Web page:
Australian Orthopaedic Surgeons are Satisfied with their JobsSunil H Shetty1, Amit Dhond1 and Manit Arora1,2*
- *Corresponding Author:
- Manit Arora
Dr. D. Y. Patil Hospital and Research Centre
Navi Mumbai, India; St. George Clinical School
University of New South Wales, Australia
E-mail: [email protected]
Received date: January 01, 2016; Accepted date: January 25, 2016; Published date: January 27, 2016
Citation: Shetty HS, Dhond A , Arora M(2016) Australian Orthopaedic Surgeons are Satisfied with their Jobs. J Ost Arth 1:105. doi: 10.4172/joas.1000105
Copyright: © 2016 Shetty et al. This is an open-access article distributed under the terms of the Creative Commons Attribution License, which permits unrestricted use, distribution, and reproduction in any medium, provided the original author and source are credited.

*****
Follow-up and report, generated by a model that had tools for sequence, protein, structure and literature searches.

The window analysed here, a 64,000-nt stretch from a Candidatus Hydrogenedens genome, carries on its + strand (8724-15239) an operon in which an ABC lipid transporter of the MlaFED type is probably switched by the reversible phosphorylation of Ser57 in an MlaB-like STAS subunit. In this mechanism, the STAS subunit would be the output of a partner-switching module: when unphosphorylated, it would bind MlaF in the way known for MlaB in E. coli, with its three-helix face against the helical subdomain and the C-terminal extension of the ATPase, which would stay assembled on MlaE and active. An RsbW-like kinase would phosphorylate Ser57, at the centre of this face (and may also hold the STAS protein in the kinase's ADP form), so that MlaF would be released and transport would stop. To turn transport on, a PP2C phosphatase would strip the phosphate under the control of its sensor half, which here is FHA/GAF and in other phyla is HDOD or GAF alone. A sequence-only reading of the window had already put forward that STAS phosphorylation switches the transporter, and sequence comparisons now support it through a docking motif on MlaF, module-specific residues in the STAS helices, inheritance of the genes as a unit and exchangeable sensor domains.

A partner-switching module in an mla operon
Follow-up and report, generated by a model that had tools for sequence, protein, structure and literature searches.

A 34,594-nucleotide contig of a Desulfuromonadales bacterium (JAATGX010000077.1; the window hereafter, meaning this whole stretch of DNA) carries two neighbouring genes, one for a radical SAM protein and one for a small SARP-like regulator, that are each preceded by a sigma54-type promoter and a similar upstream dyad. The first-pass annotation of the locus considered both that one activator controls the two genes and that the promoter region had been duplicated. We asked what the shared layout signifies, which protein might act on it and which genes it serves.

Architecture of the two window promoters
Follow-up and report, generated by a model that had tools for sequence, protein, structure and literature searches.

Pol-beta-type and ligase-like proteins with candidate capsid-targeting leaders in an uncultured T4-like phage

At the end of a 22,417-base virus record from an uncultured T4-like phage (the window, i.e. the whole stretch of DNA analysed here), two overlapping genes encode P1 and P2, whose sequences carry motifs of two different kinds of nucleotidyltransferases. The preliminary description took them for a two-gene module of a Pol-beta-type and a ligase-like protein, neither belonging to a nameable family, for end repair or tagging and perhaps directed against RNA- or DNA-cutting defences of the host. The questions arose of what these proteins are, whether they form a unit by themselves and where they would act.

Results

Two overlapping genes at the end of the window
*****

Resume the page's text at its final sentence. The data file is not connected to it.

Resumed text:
In Danish diarrheic stool samples, the emerging enteric pathogen Campylobacter concisus has an incidence at the level of Campylobacter jejuni. Nevertheless, C. concisus has been neglected in many clinical laboratories due to labour intensive isolation procedures as well as time-consuming PCR-based methods for identification. Fourteen isolates of C. concisus were characterised in the MALDI-TOF mass spectrometer and analysed using the MALDI Biotyper and the ClinProTools 3.0 software. The data show that MALDI-TOF MS, as previously described for other Campylobacter species, can give a rapid identification of C. concisus. Interestingly, the isolates showed a remarkable diversity based upon their mass spectra when compared by visual and computational analysis.